In this podcast, Janet Falk discusses how solo practitioners or small law firms can use media relations to promote their product.
Janet Falk is a Public Relations and Marketing Communications professional who advises attorneys with a solo practice or a small law firm. She has placed clients in top-tier media and industry trade publications read by their clients and referral sources. Someone will be quoted in that news story; make the source be you.
Connect with Janet on her website, LinkedIn, and Twitter.
Why should attorneys undertake media relations?
An attorney can do social media for themselves or work with a specialist, but in the end, social media is what we say about ourselves. It’s pretty widely acknowledged that it’s self promotion. If you’re using media relations, you’re adding a reporter to your team in almost an unpaid way, and you’re getting third party validation. The “reporter” is quoting you so it sounds more objective and factual. I see media relations as a way an attorney can remain top of mind with referral sources because they will see this person in the news talking about issues that have an impact, regardless of who it’s for.
How do attorneys connect with reporters?
Connecting with reporters is easy only if you have the right tools. It’s like a game. You have to introduce yourself professionally to a reporter, so they will know you are an authoritative person who has insight into a timely issue that their readers need to know more about. The tool that I use is called a media profile. A media profile is a much shorter document, and it says, “Here’s an attorney that’s a source and can comment on issues people need to know more about.” You can share this media profile that cover the topics that are most relevant to your clients. A lot of reporters put their email address in their Twitter profile because they want people to send them story ideas!
How does one go about publishing their idea in a trade publication?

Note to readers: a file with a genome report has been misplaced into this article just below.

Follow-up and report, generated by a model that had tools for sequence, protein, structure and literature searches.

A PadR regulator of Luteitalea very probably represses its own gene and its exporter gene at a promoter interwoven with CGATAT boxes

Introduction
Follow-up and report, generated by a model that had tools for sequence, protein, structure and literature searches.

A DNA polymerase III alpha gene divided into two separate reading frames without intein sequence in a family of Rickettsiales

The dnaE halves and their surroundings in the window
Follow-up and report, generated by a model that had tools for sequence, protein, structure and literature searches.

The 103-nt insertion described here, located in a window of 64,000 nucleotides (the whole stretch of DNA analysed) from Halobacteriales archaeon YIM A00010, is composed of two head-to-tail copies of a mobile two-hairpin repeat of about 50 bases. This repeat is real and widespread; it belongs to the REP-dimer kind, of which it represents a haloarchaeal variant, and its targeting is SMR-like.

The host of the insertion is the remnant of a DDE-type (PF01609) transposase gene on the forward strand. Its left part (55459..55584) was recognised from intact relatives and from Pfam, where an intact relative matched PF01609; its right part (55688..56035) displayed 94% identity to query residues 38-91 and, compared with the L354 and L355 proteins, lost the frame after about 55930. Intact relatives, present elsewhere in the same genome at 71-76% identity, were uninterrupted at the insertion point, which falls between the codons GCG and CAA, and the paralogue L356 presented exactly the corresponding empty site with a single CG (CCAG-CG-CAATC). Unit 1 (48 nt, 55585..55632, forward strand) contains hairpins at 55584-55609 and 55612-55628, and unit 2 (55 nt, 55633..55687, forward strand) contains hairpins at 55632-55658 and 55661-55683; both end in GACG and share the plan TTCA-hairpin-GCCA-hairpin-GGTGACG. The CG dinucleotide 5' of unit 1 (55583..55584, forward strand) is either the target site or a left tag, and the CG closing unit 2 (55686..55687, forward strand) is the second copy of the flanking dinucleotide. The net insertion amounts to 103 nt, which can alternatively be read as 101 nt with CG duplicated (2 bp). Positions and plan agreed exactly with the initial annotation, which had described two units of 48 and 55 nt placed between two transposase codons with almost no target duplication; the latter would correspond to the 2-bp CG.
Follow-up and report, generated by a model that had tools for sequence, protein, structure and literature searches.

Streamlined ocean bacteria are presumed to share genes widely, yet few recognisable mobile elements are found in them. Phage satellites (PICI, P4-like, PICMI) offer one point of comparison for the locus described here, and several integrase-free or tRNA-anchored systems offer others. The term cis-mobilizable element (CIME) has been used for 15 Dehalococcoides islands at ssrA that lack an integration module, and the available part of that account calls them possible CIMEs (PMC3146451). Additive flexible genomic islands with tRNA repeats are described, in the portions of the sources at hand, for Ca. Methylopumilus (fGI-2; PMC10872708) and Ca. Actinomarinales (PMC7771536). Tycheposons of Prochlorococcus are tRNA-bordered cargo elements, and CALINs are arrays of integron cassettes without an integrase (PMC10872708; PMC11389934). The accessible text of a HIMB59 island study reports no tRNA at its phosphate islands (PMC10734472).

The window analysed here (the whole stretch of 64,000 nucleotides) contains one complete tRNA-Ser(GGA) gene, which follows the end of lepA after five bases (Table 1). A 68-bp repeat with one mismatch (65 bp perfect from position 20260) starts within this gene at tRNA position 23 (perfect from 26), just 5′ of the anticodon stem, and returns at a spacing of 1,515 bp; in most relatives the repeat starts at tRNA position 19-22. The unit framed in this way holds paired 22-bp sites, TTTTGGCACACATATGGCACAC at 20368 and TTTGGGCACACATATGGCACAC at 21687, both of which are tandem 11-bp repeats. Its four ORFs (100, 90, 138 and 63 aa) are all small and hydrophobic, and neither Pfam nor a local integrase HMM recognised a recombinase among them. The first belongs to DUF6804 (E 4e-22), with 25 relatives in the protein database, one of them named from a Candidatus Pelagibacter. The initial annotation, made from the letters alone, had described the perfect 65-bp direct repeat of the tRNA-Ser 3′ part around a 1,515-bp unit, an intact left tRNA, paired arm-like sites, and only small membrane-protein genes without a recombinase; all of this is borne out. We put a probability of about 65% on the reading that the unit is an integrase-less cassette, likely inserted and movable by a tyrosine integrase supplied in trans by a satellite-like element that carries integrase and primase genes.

It’s always good to write something that’s kind of a case study and partner with a client. Having the client as the co-author will give you greater credibility to the editor of that industry newsletter. It will speak to the issues and use the language of that industry. When you do most of the writing as the attorney, you become closer to the client and in the end, you’re going to make that client look brilliant! Let’s say you don’t have a case study. My suggestion is to come up with a three sentence paragraph that describes what you’re going to talk about, followed by approximately 5 bullet points detailing what you’re going to discuss. Then, send this to the reporter or editor of the publication. Notice: you’re only submitting the outline! This way, you can ask for the word count and other specifications so that you can write the article exactly the way the publication wants it.
My client is in trouble, and I told her to say “no comment.” Is that correct?
I always advise against saying “no comment” because it looks very bad for the client. It makes it seem as though the client didn’t manage the situation. My suggestion is to think about the three R’s: Regret, recompense, and reform. Start out with an apology. Then state what you know thus far, lacing in facts to solidify your credibility. Explain how you’re monitoring the situation closely, and are in touch with associated local authorities. Last, state that you’ll calculate the damage and do what you can to make those who have suffered whole again. Repeat this same statement in the same way until questions stop and you have more information regarding the situation.
It’s often been said that a media interview is a very bad time for an original thought. What that means is that you should have in mind what you wish to speak about. I recommend writing out three bullet points worth of ideas in 16 pt font, and put it right on your desk. Preparing ahead of time for an interview will ensure you keep them top of mind and cover all areas which you previously desired to cover.